Parker, EJ


Causes of damage to some Zambian wild fruit trees, by E.J. Parker, Zambia Journal of Science and Technology, Vol.3, no.4, October 1978, Pg. 74-83.


Causes of damage to some indigenous Zambian trees bearing edible fruits or nuts are recorded, with particular reference to mupundu Parinari curatellifolia and masuku Uapaca kirkiana. Diseases and pests are often specific within host genera, although some common types of damage result either from organisms with a broad host range, or from the variety of organisms within a similar ecological niche.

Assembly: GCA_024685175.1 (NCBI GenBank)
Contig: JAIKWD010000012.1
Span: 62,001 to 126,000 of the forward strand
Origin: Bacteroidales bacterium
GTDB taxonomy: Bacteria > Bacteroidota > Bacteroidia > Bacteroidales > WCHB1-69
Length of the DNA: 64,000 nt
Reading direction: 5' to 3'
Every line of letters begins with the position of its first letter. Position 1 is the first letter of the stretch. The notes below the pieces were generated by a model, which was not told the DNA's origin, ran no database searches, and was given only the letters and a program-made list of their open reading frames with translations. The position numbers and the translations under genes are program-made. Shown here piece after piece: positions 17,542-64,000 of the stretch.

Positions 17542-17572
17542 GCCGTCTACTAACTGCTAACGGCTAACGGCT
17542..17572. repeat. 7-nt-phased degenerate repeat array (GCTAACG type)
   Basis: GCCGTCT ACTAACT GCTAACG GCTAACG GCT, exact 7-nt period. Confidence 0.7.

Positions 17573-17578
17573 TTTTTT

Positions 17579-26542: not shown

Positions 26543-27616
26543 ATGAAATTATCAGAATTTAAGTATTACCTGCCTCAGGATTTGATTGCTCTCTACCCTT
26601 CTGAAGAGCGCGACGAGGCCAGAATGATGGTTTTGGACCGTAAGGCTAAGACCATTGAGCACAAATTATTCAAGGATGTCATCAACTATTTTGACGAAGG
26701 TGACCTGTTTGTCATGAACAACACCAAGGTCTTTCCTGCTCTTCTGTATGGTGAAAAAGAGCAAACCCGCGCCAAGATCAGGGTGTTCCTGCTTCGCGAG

Abiotic damage occurs from fire, frost, and through mechanical means. Leaf infecting fungi and wood decay fungi may reduce host vigour. Predominant problems are insect initiated. For Parinari spp. insect or mite induced galls are frequent defects, and weevil larvae infest the seed and may induce premature fruit fall. For Uapaca spp. 10-20% defoliation by phytophagous pests is common. Both fungi and insects can cause defects and damage to the fruit at all stages of development, thus reducing the measures for trees in indigenous woodlands; only in orchards or nurseries can protection be economically envisaged.

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